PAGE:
Hackers Can Steal Your Tesla by Creating Their Own Personal Keys


Last year, Tesla issued an update that made its vehicles easier to start after being unlocked with their NFC key cards. Now, a researcher has shown how the feature can be exploited to steal cars.

For years, drivers who used their Tesla NFC key card to unlock their cars had to place the card on the center console to begin driving. Following the update, which was reported here last August, drivers could operate their cars immediately after unlocking them with the card. The NFC card is one of three means for unlocking a Tesla; a key fob and a phone app are the other two.

Enrolling Your Own Key

Martin Herfurt, a security researcher in Austria, quickly noticed something odd about the new feature: Not only did it allow the car to automatically start within 130 seconds of being unlocked with the NFC card, but it also put the car in a state to accept entirely new keys—with no authentication required and zero indication given by the in-car display.

“The authorization given in the 130-second interval is too general … it’s not only for drive,” Herfurt said in an online interview. “This timer has been introduced by Tesla … in order to make the use of the NFC card as a primary means of using the car more convenient. What should happen is that the car can be started and driven without the user having to use the key card a second time. The problem: Within the 130-second period, not only the driving of the car is authorized, but also the enrolling of a new key.”

The official Tesla phone app doesn’t permit keys to be enrolled unless it’s connected to the owner’s account, but despite this, Herfurt found that the vehicle gladly exchanges messages with any Bluetooth Low Energy, or BLE, device that’s nearby. So the researcher built his own app, named Teslakee, that speaks VCSec, the same language that the official Tesla app uses to communicate with Tesla cars.

A malicious version of Teslakee that Herfurt designed for proof-of-concept purposes shows how easy it is for thieves to surreptitiously enroll their own key during the 130-second interval. (The researcher plans to release a benign version of Teslakee eventually that will make such attacks harder to carry out.) The attacker then uses the Teslakee app to exchange VCSec messages that enroll the new key.

All that’s required is to be within range of the car during the crucial 130-second window of it being unlocked with an NFC card. If a vehicle owner normally uses the phone app to unlock the car—by far the most common unlocking method for Teslas—the attacker can force the use of the NFC card by using a signal jammer to block the BLE frequency used by Tesla’s phone-as-a-key app.

This video demonstrates the attack in action:


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via Wired Top Stories https://ift.tt/qu5kDrG

June 9, 2022 at 03:24PM

Hypersonic Plane From Venus Aerospace Will Travel to the Edge of Space


Stargazer will travel Mach 9 and reach an altitude of over 32 miles (51 kilometers)
Gif: Venus Aerospace

Earlier this week, Venus Aerospace, a Houston-based aeronautics startup, released renderings for Stargazer—an incredibly fast high-altitude vehicle it’s hoping to develop.

Venus Aerospace has been working on the hypersonic aircraft since 2020, according to a company press release, and it has raised $33 million to build the plane, of which $1 million came from government funding. Hypersonic refers to vehicles or missiles capable of traveling Mach 5 or faster, and Stargazer has the potential to reach Mach 9, or nine times the speed of sound. The vehicle is being designed to hold 12 passengers while it travels at an altitude of 170,000 feet (51.8 kilometers), the company said in an email.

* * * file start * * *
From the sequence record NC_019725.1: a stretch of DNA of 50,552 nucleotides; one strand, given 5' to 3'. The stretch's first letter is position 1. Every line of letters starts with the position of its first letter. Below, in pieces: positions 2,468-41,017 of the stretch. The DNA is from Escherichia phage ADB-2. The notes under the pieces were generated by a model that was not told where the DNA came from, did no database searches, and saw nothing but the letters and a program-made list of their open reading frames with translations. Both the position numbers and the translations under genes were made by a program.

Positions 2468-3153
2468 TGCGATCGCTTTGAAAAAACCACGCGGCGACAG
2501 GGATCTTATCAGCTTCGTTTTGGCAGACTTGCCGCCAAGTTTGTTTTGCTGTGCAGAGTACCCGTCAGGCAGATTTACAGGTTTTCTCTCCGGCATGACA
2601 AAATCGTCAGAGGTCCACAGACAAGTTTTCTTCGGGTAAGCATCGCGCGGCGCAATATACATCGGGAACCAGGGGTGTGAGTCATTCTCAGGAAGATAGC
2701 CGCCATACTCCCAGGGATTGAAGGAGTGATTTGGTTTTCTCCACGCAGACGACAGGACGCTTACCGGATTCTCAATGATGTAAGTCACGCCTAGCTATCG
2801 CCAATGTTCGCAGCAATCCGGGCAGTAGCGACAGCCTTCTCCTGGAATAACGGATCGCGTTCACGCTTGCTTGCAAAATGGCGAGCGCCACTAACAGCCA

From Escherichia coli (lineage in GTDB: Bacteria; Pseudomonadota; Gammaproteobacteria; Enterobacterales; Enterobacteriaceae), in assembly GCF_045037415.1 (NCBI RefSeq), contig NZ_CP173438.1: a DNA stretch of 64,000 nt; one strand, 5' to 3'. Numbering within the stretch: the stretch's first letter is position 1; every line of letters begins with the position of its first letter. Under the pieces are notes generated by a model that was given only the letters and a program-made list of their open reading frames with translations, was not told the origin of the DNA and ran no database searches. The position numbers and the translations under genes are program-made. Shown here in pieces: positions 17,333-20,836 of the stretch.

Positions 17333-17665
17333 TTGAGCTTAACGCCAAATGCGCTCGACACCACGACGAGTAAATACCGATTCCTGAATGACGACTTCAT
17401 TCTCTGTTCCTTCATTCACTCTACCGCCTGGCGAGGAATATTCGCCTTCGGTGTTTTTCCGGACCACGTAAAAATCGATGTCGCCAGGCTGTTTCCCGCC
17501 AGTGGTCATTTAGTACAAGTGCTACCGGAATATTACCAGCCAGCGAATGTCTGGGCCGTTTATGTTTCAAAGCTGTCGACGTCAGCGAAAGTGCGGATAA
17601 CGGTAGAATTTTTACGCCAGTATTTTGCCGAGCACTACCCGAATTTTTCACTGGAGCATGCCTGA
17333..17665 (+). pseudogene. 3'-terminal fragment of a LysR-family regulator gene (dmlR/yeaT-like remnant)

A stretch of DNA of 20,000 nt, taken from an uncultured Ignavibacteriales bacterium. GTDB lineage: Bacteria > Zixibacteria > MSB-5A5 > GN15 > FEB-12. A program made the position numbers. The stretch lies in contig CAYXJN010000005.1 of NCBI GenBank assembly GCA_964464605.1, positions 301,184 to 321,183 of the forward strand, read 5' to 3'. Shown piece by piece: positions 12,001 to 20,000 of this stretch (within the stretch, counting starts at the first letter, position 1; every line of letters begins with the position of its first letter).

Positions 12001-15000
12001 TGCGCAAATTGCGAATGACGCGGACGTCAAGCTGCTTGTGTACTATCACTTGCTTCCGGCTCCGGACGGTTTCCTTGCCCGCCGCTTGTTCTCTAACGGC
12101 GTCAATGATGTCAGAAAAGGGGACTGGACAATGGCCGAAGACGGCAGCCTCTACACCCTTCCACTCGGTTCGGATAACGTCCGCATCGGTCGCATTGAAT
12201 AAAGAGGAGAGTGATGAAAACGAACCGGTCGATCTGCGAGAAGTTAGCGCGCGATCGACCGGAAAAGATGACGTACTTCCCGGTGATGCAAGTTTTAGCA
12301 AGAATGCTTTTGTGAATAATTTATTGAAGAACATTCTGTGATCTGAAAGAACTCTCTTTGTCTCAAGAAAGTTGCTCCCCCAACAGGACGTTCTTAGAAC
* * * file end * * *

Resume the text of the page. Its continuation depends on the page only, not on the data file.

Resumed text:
Even though Venus Aerospace calls Stargazer a “spaceplane,” the vehicle won’t actually venture to space. The technical boundary of space is still about 30 miles (50 kilometers) higher than Stargazer’s maximum altitude, so the plane won’t travel to beyond the Kármán line—sort of like how space balloons don’t really enter space either. That said, passengers will still have quite the view, with the curvature of Earth being clearly visible.

The Stargazer is expected to get passengers from Tokyo to Los Angeles in an hour. Imagine that—you’d be able to gallivant around Shibuya Crossing and climb the Skytree for a few hours, only to be back home on the west coast before dinnertime. That’s definitely an improvement over the the 11-hour flight on a commercial aircraft.

Stargazer would take off using engines just like a conventional airplane, but then “transition to rockets once at altitude and away from [the] city,” Venus Aerospace CTO Andrew Duggleby said to me in an email. Stargazer’s first ground test isn’t expected to happen until 2025 at the earliest, and there would be “no less than five years of flight testing to ensure safety, reliability, and performance,” he added.

Ideally, tickets for Stargazer would be roughly the same price as a first-class ticket on a commercial aircraft, but Duggleby said a number of variables still need to be worked out to pin down that price.

If and when Stargazer does get off the ground, the promise of jet-setting across the globe at ludicrous speeds will be incredibly alluring for a certain group who can afford it, even if it isn’t crossing the threshold into the inky black void. That said, ever since the crash of a Concorde plane in July 2000, the public has been understandably jittery about supersonic vehicles. So in addition to engineering challenges, Venus Aerospace will likely have to overcome some psychological barriers as well.

More: Russian Space Agency Plans to Space-Jack a German X-Ray Telescope

via Gizmodo https://gizmodo.com

June 9, 2022 at 06:36PM